A Pleasant Surprise for First-Quarter Profits

Here are the notes from Standard & Poor's Investment Policy Committee meeting, held on Wednesdays.

Fundamental Outlook

Although early in the reporting cycle, we believe that first-quarter 2006 results are coming in better than expected, particularly for companies in the financials, industrials, and materials sectors.

Annualized operating earnings for the S&P 500 are expected to have risen more than 100% from the first quarter of 2002 through the first quarter of 2006, while share prices (excluding dividends) have advanced only 14%.

The breadth of this market's advance is encouraging, in our view, as 91 of the 130 sub-industry indexes in the S&P Composite 1500 (70%) are trading above their 200-day moving averages.

Technical Outlook

The S&P 500 is very close to taking out its early April high of 1311.56 after holding support at the 1280 area. Once the index breaks through the old high, which we expect, trendline resistance comes in at 1316 and 1326. The S&P 500 has been in a bullish channel, in our view, since the initial surge off the bear market low retest in March 2003, tracing out a series of higher highs and higher lows. Until this uptrend is broken, we think additional gains will be seen.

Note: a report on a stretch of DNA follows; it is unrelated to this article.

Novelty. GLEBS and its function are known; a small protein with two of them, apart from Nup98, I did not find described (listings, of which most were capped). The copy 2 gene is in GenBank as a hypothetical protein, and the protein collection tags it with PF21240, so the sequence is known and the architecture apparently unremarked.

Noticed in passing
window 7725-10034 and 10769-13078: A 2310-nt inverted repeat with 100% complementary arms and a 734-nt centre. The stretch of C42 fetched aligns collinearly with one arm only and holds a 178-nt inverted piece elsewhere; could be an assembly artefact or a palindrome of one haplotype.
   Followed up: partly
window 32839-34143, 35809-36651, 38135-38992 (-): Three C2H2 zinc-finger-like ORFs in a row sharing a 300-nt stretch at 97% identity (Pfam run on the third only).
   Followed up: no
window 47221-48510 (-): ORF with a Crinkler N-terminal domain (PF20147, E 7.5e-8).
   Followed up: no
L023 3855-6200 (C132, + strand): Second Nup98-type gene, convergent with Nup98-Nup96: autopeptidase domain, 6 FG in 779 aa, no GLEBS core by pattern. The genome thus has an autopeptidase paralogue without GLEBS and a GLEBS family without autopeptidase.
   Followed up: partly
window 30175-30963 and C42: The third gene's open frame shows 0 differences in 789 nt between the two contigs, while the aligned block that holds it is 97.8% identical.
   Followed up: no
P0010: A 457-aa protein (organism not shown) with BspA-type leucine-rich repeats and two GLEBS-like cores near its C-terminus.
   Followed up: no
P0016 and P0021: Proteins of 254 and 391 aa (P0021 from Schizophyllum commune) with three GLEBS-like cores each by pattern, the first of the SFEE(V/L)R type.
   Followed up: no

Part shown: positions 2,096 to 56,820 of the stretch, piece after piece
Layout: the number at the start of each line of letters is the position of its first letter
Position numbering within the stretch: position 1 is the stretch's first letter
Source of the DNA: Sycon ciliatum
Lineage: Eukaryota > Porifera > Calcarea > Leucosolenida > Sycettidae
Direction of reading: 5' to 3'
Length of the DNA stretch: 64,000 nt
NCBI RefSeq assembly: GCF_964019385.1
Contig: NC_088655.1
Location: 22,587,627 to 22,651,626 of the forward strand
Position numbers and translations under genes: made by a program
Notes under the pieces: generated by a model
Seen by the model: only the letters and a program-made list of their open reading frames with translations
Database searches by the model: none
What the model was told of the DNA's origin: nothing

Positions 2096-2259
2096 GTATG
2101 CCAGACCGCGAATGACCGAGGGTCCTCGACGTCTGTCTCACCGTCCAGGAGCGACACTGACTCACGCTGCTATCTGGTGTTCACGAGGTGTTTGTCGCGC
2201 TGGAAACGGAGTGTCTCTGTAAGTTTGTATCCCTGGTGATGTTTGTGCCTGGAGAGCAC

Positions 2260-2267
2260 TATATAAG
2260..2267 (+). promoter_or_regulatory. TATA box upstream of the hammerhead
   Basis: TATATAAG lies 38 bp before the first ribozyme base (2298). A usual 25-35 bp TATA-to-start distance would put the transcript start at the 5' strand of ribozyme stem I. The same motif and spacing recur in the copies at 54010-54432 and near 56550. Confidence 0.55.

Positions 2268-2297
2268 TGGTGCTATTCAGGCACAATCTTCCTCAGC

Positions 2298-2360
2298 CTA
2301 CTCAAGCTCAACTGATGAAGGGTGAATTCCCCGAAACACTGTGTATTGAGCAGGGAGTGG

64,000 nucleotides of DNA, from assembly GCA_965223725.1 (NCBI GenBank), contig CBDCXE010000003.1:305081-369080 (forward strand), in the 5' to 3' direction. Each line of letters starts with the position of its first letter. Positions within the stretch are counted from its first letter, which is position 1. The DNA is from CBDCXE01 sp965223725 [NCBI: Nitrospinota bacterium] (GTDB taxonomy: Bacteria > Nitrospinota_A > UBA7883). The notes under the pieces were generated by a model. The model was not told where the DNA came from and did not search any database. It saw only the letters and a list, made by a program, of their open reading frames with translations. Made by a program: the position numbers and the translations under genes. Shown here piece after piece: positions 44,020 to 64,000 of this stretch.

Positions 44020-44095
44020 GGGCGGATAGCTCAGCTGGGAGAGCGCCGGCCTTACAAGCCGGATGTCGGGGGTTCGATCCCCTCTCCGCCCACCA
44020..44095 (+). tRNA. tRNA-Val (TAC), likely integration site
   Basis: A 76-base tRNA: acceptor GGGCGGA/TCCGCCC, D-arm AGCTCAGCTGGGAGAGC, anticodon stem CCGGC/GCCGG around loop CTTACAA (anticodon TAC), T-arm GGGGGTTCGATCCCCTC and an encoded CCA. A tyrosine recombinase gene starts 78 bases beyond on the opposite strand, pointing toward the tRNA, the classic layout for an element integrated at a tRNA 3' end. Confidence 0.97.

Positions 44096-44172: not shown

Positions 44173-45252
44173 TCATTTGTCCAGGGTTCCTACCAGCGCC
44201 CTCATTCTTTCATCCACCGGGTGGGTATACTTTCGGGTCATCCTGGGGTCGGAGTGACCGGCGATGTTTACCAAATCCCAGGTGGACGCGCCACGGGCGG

Crude oil prices broke above key chart resistance between $69 and $70 on Monday, breaking the highs from last August, and moving to an all-time high. With the breakout, we are initiating our next target of $76 to $80. Crude is not yet overbought, in our view. But if we get to our next target, we would expect another fairly large pullback.

Longer-Term Outlook

The record oil price and the rise in bond yields could delay further rate hikes beyond May, in our view. Bond yields are finally rising, recently reaching a four-year high of 5.05%. We think worries about an inverted yield curve are waning, but fears for the housing market are increasing. We expect a sharp drop in housing starts this summer. Recent Fed statements suggested that the interest rate hikes are nearing an end. Our belief is that if the Fed does go up to 5.5%, they will have to cut rates early next year.

Before it's here, it's on the Bloomberg Terminal.